What is Hip Dysplasia
Hip dysplasia is one of the most common joint and skeletal problems in canines. It occurs when the ball portion of the femur and socket of the hip joint do not align properly due to some kind of malformation. This results in a joint that rubs or grinds together rather than gliding like it should, and this leads to arthritis, pain, and in some instances loss of function of the hip joint.
Hip dysplasia in dogs is generally thought to be genetic in origin since it appears to be inherited, and some breeds are more likely than others to be be affected. German Shepherds are at the top of the list, followed by Rottweilers, Great Danes, Saint Bernards, Neapolitan Mastiffs and American Staffordshire Terriers. However, almost any breed can be affected. Sadly, the signs of hip dysplasia usually begins while the dog is young, and can progress rapidly depending on the severity of the malformation.
Stem Cell Therapy For Hip Dysplasia in Dogs
Stem cells work in two major ways; first they decrease inflammation (which decreased pain and swelling within the joint) and secondly they help aid in the process of regeneration. Stems cells are the building blocks of the body. They are referred to as ‘unspecialized cells’ and have the capacity to develop into more specialized cells such as muscle tissue, blood cells or nerve cells. They also help regulate the inflammation and healing pathways in areas of damage much like a general contractor regulates and orders what kind of repairs are done in a home restoration.
In humans, stem cell therapy has already been found to improve conditions such as arthritis, sports injuries, osteoporosis and joint pain. Research has shown that in some situations, stem cells can regenerate damaged bone, cartilage, muscle or nerves in dogs, too. This research gives our canine patients suffering from hip dysplasia new hope in treatment. Already, stem cell therapy has been successfully used to treat dogs with bone, joint, and ligament problems such as hip dysplasia.
Before stem cell therapy became an option, pets with hip dysplasia had two major treatment plans:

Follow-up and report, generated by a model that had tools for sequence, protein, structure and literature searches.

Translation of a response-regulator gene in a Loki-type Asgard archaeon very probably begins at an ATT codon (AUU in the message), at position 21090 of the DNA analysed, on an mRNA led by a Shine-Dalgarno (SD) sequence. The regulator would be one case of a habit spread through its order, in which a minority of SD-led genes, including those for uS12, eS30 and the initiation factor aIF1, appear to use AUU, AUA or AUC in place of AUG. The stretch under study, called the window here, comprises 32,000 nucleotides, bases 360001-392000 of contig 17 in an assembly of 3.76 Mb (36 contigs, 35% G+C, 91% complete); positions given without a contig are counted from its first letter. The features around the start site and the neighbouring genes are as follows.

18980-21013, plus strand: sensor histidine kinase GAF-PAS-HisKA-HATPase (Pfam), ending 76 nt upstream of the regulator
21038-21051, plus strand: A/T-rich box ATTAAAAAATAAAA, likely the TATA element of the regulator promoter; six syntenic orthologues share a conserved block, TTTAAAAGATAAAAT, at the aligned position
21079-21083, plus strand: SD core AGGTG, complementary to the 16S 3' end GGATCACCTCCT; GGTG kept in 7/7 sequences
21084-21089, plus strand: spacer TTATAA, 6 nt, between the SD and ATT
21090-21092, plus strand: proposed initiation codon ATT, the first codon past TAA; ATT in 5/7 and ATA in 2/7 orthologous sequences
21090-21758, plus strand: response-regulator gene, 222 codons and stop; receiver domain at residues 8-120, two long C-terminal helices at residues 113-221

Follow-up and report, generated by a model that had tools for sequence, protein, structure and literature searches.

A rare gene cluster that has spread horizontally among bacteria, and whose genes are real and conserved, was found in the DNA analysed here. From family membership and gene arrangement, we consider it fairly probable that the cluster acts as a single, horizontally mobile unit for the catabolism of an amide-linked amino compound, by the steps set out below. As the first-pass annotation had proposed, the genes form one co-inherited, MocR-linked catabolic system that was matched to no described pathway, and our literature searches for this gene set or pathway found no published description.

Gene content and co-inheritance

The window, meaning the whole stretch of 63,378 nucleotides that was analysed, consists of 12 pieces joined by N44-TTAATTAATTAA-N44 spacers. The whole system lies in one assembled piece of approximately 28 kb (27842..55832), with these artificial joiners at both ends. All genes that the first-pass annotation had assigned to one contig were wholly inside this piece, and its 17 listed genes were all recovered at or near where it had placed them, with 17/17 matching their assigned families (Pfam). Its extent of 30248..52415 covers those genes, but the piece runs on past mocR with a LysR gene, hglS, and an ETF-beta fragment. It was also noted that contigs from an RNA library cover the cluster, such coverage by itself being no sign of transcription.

- Lifelong medication for pain and arthritis which over time could have negative side effects in the body.
- Undergo a total hip replacement therapy at a specialist. However, hip replacements in dogs are commonly rejected or fail within the first few years.
HUC-DT℠ and Hip Dysplasia
I’m Dr Tyler Simpson, the head vet at Sunrise Animal Clinic in Taylors, South Carolina. If you’ve found this page, your four-legged friend is very lucky.
I’m leading the way in human umbilical stem cell therapy for dogs. I’ve found that although autologous stem cell therapy is pretty good – and can definitely help to improve joint conditions in dogs – there is an even better therapy. It’s called Human Umbilical Cord Blood Derivative Stem Cell Therapy (HUC-DT℠).
This new therapy involves taking stem cells from human cord blood. Believe it or not, human stem cells generate similar responses in tissues that canine stem cells would. Research has shown that when the stem cells migrate to the areas of pain and inflammation they begin stimulating the dog’s natural stem cell population. When these cells are injected directly into your pet’s injured area – in this case, the hip joint – they reduce inflammation and help set the scene for healing; in essence repairing the damage of the hip from the inside out.
Stem cell therapy promises a very real means of treating joint issues in dogs – and could open up a whole new lease on life for your best friend.